Genesis is a hybrid of several mainstream languages — C/C++, Java, PHP, and AS3 using C-syntax. You can use it to program a microcontroller for an IoT device, create a website, a DLL, a smart contract, a system file or an app. Aside from that, our language is entirely secure.

What do you mean by secure? Can you write secure smart contracts in this language?

Great question! We are trying to develop a new approach to smart contract programming, which is currently in a very nascent phase. We have created and are currently using a new software development methodology that we are currently transferring into Genesis; the methodology has proven itself on our existing large projects and has shown to accelerate development, along with controllability and predictability of the code’s behavior. It is usable for both simple and complex tasks. Smart contracts are actually quite simple in and of themselves, but their development / evolution, interaction and controllability (requiring understanding relationships between multiple contracts) makes them complex.


The controlled evolution of projects and the growth of ecosystems is the most important problem with smart contract development today. Everything is fine as long as your project is small scale and a single small team can control its development. But as soon as the project grows in scope (and smart contract scope growth is inevitable), it grows beyond the amount of attention that a small team can pay to it, inevitably leading to errors and vulnerabilities. To avoid this problem, we are creating a new development environment (IDE) that is closely connected with the file system, virtual machine, and the Genesis language, and are developing its framework based on our methodology.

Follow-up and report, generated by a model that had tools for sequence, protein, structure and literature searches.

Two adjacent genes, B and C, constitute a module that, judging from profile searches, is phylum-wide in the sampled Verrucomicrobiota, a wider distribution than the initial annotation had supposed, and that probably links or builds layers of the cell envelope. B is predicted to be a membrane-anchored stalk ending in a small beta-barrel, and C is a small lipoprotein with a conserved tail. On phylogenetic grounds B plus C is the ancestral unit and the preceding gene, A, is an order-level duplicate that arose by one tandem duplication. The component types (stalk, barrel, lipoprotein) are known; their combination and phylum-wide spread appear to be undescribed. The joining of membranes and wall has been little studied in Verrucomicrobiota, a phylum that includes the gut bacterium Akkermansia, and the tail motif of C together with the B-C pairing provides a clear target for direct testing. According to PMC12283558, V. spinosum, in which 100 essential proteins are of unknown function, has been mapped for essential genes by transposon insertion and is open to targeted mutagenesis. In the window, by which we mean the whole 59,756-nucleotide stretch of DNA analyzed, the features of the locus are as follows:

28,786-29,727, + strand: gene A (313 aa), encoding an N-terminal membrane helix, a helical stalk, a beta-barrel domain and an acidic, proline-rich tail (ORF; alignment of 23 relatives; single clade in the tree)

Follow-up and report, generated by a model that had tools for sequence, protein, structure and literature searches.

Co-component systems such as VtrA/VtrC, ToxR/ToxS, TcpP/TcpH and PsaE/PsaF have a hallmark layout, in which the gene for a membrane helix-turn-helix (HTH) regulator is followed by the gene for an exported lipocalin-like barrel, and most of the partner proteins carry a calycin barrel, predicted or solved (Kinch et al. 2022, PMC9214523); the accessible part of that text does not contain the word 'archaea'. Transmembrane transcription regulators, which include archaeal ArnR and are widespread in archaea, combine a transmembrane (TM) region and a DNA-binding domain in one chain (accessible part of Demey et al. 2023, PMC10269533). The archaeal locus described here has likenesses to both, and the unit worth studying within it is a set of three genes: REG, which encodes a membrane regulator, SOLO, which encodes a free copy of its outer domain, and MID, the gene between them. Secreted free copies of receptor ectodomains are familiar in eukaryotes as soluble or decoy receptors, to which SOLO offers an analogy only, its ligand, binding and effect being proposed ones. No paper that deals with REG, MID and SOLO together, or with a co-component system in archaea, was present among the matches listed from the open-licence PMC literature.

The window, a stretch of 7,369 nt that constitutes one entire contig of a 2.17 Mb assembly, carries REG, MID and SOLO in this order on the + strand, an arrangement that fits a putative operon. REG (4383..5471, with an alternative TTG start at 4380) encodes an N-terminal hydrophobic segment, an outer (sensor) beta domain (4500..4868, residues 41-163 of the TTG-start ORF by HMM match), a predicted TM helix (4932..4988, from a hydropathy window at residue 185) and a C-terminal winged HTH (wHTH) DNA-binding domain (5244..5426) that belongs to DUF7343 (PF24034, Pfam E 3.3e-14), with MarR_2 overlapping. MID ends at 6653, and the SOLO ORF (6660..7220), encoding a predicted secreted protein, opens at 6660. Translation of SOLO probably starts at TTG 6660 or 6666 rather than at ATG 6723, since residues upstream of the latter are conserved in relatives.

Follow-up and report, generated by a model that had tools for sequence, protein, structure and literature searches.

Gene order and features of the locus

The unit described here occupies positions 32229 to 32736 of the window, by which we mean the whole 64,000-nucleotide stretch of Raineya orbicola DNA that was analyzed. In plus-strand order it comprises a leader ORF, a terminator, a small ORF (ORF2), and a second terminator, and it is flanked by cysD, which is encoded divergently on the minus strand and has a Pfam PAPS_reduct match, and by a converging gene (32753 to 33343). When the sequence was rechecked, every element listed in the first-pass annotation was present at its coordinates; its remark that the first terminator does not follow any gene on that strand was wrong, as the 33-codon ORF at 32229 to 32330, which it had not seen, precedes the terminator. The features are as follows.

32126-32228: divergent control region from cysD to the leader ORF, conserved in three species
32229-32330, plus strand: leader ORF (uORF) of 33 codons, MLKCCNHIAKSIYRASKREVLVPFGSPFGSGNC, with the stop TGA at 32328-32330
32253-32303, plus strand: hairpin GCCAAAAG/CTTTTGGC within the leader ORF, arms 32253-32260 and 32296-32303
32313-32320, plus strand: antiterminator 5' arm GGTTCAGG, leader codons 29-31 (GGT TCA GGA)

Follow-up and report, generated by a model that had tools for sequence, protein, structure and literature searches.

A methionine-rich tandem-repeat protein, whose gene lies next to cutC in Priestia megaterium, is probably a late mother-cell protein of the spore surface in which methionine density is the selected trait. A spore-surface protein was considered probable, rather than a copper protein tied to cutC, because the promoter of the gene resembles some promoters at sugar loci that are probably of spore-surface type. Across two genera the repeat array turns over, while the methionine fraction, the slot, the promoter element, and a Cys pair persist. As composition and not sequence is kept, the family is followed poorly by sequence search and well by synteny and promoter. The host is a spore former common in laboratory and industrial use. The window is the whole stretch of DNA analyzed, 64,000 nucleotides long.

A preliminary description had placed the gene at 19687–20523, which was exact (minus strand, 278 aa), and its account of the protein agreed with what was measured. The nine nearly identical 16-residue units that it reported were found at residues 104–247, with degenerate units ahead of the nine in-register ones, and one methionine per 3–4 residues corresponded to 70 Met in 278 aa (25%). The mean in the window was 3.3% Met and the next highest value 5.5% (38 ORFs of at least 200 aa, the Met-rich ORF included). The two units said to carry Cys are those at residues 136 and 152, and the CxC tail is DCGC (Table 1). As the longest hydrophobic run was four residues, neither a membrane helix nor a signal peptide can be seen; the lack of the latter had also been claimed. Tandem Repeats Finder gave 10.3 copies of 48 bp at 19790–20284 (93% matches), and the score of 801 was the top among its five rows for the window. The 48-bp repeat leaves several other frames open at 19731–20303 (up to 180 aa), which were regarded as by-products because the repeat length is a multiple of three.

Can you explain your methodology?

This is a complicated scientific problem that touches on the artificial intelligence field. Our name for it is “a systematic decision-making process in a weakly formulated environment”.

The embedded audio, in Russian, attempts to ELI5 how the methodology is used for smart contract creation and other tasks.

Do you plan to create your own AI?

Yes, of course. Our methodology’s task is to make ‘difficult’ information ‘easier’ to understand for an AI. In order to solve this, the AI must absorb the information and execute decisions correctly; without the right methodology it’s very difficult to do this properly, much less control the AI. The problems associated with controlling AI in the future are already being voiced by Elon Musk, Bill Gates, and Stephen Hawking.

What do you think about the concept of a DAO?

Many developers are trying to create DAOs (a decentralized autonomous organization), but a full fledged DAO is not possible to do with the kinds of smart contracts being developed today. If we define the problem at a very high level such as a “smart city”, the DAO can be thought of as an artificial judge. Translating a legal codex — thousands of individual laws written in obtuse legal language that are sometimes imprecise and can have multiple interpretations — into smart contracts is enormously difficult. Without a new programming language like Genesis, solving this is practically impossible.

Do you like the concept “the wisdom of crowds”?